“I had a troubled and tumultuous childhood,” he said. “To escape it, I would watch Warner Bros.’ cartoon like Pepe Le Pew, Elmer Fudd and Sylvester the Cat,” George said. “I was more drawn to the environments the characters lived in and I would fantasize I was living in that environment instead of where I really was.”
At 18, he left Virginia for Portland, wanting to get as far away as he could have a fresh start. With less than $1,000 in his pocket, he began working as a waiter. It wasn’t until he was 30 that he had an interest in art, first making collages, then venturing into photography and finally painting.
Describing himself as a self-taught artist, George, 51, said his style is inspired by mid-century animation. “It’s a complete mystery to me why I started painting,” he said. “Before my 30s, I had little exposure to art. I was searching for something.”
Whatever he made waiting tables, he said, went to purchasing art supplies. Although he had a serious following for his photography, he made the decision to pursue painting. “My photography was dictated by reality. My painting was by my imagination,” he said. “I felt like I was translating the images from my imagination onto a canvas.”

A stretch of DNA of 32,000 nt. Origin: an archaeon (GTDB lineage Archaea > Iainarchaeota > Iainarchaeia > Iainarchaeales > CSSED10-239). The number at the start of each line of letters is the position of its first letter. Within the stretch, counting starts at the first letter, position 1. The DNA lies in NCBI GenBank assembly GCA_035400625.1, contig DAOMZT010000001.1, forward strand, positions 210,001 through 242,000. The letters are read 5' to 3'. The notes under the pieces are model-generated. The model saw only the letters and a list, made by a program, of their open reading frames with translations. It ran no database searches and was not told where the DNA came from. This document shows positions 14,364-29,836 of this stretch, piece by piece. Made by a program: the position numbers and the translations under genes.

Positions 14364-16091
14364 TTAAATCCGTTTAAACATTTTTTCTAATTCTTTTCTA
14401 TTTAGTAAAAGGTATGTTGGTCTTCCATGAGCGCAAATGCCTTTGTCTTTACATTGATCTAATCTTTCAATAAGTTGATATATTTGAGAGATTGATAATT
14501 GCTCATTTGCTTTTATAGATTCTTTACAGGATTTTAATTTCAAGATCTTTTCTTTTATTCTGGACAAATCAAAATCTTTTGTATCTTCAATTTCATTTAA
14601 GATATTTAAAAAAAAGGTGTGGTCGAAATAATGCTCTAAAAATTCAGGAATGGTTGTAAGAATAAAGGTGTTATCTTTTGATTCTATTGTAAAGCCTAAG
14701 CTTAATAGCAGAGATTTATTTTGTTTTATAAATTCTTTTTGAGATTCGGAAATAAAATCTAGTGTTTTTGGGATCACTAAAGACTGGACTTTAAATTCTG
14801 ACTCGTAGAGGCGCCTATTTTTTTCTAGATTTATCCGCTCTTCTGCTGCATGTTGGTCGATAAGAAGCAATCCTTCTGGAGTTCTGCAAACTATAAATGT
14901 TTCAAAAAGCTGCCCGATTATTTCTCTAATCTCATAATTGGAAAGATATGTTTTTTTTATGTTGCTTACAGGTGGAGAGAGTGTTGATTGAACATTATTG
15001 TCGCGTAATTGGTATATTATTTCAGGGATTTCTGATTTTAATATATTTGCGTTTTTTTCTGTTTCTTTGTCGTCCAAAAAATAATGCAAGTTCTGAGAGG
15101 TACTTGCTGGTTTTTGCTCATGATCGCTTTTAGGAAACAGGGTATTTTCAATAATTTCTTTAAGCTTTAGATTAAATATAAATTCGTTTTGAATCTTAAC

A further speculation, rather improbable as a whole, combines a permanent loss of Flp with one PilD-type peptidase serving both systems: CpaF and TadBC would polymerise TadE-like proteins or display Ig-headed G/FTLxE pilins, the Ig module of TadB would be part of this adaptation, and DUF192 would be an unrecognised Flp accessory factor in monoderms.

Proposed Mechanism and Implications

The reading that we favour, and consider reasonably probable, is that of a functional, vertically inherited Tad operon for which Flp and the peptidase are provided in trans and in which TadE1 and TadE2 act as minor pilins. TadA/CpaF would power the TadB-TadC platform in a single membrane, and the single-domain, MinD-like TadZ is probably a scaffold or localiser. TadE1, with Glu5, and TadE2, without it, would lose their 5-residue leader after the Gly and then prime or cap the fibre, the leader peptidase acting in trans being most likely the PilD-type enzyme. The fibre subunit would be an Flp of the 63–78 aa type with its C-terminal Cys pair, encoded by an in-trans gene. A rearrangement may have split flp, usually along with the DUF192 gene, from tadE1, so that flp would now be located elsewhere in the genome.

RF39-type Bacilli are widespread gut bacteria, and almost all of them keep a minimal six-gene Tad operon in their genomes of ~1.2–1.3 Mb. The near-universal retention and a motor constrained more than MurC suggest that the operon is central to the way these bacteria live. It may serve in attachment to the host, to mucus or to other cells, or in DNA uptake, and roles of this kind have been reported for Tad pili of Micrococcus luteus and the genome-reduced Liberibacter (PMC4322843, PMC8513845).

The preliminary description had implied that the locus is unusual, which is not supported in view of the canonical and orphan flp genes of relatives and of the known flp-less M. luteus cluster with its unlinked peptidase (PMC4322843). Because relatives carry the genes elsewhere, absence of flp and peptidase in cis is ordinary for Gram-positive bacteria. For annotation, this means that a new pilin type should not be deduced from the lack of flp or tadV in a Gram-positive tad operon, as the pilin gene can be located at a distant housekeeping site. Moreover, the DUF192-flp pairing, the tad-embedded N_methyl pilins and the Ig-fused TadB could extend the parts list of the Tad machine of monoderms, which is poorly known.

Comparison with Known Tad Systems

Now he paints full-time. During his art showings, he tries to be anonymous. “I have heard people say my art reminds them of this or looks like that or my style looks like a certain artist,” he said. “Often time when my art is compared to an artist, I have to go home and look it up. I am learning about art by doing.”
He and his wife, Stacy, have been married two years. “Before that, I didn’t have the responsibilities,” he said. “I was single without a car payment and free to indulge in what I wanted to pursue.”
Understanding how life can take twists and turns, he knows how quickly a person’s passion can be extinguished. “I believe there is creativity and brilliance in every person but too often life’s journey can beat it out of you,” George said. “I feel fortunate to get to do what I do. I believe it is pretty rare for a person to get up in the morning and do what they want to do rather than what they need to do to provide for others.”
What George says where his inspiration comes from “beamed to me from someplace else…. My artwork is snapshots of the world I escaped to when I was a child,” he said. “It reflects those few minutes when I l left where I was and went someplace happier. I hope when people look at my work, it takes them someplace and elicits a memory.”